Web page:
An Ocean Warming: Sea Level Rise

In a previous post, we explored changing ocean chemistry through the phenomenon known as ocean acidification, and the effects of it on the people and species that call the Gulf of Maine home.

However, there is another important piece of the puzzle. As ocean water becomes warmer and more acidic, it expands and swells. This increase in volume, combined with fast-melting arctic sea and land ice, causes substantial changes in sea level – which can wreak havoc on our coastlines.

Numerous studies have shown that the East Coast, ranging from North Carolina to the Gulf of Maine, is experiencing this phenomenon, known widely as sea level rise, at a rate three to four times faster than the global average. In fact, researchers refer to the region as a “unique 1,000-kilometer-long hotspot” where the impacts will be “disproportionately felt.” For New England especially, sea level rise spells trouble because of the vulnerability of our coastal cities, utilities, and infrastructure – not to mention our strong dependence on our coastal economies.

Unquestionably, the threat of sea level rise demands our attention because frankly, this isn’t an issue to be discussed and acted upon at some point in the future – it is happening now.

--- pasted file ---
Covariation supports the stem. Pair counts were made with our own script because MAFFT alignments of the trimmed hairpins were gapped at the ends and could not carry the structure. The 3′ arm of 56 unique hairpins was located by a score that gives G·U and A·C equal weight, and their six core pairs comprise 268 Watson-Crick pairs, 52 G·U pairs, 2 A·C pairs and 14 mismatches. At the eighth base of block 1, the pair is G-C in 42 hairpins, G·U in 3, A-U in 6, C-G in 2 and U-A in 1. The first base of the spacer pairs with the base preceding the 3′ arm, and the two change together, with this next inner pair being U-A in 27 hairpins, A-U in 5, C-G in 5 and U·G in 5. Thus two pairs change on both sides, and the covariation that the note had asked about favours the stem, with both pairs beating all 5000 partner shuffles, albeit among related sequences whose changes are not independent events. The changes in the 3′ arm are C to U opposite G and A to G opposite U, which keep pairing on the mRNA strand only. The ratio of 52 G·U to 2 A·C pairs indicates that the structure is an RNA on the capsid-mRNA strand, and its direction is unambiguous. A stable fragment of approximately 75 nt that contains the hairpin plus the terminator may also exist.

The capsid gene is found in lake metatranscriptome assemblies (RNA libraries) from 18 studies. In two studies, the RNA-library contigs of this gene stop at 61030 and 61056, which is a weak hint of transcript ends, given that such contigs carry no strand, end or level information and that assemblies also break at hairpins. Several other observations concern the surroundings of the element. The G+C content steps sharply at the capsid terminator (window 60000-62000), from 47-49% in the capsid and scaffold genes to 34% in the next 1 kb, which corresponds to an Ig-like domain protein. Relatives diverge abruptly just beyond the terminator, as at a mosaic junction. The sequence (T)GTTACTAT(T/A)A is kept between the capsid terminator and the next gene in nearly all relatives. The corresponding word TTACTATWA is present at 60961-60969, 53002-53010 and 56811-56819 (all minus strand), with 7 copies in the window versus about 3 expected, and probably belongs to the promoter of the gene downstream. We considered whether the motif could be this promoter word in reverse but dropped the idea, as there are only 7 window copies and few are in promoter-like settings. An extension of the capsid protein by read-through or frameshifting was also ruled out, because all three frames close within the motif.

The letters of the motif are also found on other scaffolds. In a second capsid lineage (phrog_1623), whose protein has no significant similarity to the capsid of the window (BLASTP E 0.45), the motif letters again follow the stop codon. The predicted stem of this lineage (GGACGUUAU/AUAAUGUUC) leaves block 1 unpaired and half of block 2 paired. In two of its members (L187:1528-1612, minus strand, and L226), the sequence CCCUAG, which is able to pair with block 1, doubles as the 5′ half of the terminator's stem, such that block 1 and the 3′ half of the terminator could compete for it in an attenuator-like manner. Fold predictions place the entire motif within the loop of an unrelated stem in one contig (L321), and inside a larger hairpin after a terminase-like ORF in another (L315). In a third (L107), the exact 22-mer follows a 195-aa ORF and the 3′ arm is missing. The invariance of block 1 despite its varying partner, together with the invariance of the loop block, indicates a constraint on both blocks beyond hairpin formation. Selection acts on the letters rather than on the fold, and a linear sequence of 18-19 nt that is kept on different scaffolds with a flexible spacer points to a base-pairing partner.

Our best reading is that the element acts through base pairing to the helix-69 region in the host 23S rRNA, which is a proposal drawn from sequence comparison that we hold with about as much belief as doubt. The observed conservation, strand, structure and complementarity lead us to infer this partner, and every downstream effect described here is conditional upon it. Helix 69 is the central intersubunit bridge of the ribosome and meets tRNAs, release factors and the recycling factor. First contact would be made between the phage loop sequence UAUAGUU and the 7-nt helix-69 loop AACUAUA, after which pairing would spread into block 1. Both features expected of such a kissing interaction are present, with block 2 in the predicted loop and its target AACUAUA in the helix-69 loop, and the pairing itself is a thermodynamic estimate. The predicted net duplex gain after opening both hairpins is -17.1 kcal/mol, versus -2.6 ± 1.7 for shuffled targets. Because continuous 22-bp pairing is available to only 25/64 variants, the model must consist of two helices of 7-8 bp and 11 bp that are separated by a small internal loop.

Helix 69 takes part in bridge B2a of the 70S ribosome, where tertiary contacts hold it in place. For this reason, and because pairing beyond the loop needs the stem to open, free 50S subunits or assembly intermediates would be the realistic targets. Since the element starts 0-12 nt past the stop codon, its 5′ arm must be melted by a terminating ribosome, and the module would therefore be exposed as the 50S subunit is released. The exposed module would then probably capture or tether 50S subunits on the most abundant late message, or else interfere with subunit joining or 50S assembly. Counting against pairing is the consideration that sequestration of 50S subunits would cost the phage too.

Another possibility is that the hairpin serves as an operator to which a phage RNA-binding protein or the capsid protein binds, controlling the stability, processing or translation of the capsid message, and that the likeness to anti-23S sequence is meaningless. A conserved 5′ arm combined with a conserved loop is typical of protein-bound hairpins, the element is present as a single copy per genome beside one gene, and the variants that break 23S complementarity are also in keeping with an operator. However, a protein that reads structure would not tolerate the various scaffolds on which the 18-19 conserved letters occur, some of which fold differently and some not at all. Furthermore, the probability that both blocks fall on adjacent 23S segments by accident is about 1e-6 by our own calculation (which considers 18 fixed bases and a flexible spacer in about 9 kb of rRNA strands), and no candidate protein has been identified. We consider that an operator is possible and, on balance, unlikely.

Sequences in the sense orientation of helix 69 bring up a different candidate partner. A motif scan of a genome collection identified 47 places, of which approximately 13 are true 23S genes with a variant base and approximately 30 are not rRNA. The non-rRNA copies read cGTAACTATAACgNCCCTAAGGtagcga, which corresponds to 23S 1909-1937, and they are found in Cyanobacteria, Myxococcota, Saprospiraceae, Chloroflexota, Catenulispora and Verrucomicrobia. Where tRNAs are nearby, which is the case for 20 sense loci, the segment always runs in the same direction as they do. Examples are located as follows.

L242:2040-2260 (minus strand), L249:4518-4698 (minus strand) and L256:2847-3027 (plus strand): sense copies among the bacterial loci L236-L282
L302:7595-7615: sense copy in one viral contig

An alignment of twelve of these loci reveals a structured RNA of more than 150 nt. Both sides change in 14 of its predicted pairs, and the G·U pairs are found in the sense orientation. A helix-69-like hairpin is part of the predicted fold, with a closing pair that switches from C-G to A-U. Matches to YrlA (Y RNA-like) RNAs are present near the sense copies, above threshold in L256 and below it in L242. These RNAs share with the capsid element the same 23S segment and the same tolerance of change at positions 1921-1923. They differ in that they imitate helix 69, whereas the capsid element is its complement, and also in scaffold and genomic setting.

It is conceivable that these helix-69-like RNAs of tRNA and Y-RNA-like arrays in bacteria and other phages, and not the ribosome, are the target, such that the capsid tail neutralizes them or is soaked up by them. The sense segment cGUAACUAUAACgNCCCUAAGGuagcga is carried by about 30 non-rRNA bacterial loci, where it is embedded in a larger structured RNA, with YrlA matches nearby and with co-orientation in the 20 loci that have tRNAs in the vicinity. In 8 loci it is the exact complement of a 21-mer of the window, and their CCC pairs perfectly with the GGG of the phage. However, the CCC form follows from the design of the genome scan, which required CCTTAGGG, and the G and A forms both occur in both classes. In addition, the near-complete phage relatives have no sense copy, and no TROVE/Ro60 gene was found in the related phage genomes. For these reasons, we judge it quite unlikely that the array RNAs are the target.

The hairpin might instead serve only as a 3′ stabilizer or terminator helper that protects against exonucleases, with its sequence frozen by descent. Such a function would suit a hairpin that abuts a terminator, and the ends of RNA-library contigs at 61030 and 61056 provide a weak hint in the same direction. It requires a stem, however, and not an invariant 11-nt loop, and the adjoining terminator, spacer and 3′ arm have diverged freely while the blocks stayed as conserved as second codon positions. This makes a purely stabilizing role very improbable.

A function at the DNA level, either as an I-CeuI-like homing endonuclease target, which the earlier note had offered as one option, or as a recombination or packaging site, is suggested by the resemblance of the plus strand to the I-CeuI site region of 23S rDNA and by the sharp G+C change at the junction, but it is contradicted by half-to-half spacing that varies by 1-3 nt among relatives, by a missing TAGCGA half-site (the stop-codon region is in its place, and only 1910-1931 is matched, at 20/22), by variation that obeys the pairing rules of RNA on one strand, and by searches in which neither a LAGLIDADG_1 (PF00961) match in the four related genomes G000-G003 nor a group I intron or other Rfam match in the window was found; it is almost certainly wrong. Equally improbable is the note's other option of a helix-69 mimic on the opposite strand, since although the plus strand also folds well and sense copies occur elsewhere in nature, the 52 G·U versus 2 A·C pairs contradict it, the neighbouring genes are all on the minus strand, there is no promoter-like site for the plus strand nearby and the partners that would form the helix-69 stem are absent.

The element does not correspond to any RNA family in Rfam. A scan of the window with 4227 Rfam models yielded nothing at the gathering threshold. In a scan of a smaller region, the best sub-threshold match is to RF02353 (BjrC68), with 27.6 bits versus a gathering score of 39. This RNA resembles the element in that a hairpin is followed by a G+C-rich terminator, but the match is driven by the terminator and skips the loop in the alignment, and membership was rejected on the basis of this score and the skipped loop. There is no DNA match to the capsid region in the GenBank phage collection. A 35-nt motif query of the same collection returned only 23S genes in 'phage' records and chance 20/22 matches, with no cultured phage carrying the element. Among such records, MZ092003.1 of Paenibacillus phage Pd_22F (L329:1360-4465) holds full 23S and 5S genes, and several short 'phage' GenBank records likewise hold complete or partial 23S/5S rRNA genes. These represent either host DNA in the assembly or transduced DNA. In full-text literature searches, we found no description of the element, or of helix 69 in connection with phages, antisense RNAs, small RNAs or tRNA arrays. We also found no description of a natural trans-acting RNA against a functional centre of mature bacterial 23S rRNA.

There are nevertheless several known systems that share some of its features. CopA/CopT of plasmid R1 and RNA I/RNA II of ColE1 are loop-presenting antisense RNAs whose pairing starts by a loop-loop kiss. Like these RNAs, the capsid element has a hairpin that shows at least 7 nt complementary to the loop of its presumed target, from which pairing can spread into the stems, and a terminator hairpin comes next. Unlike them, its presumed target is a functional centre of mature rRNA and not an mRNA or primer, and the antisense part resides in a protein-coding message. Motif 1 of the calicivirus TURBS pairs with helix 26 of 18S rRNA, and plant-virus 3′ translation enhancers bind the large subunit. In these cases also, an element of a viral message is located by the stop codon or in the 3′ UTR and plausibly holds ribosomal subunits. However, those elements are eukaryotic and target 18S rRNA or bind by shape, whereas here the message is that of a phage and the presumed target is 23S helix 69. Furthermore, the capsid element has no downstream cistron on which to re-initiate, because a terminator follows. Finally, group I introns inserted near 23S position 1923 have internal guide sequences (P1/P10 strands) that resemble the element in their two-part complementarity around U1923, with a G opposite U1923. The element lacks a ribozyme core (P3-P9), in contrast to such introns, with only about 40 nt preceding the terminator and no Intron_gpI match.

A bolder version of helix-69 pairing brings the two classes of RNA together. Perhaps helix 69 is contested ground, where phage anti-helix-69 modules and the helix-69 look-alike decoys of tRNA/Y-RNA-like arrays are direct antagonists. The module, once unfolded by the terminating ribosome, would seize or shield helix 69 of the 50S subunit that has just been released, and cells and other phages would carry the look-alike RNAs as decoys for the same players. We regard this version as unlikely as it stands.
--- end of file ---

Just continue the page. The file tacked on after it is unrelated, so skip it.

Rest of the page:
Signs of sea level rise, including incidences of “sunny-day flooding” and storm surges, have shown that the threat is real and imminent. In 2012, when Hurricane Sandy ravaged the coasts of New Jersey and New York, we saw the massive destruction that sea level rise and strengthened storm surges can have on a city.

Fortunately, Boston missed the brunt of the storm, but having seen its impacts, it’s clear that Boston cannot wait until it is too late or until a disaster like super-storm Sandy strikes to begin planning.

It is paramount that we have the necessary groundwork laid out so Boston, and New England at large, is able to adapt to the issue. Through the creation and implementation of forward-thinking policies, the consequences of sea level rise can be lessened. In most cases, with adequate energy and resources devoted to the issue, we will be able to anticipate some of what is to come and preemptively address the areas in which attention is immediately needed.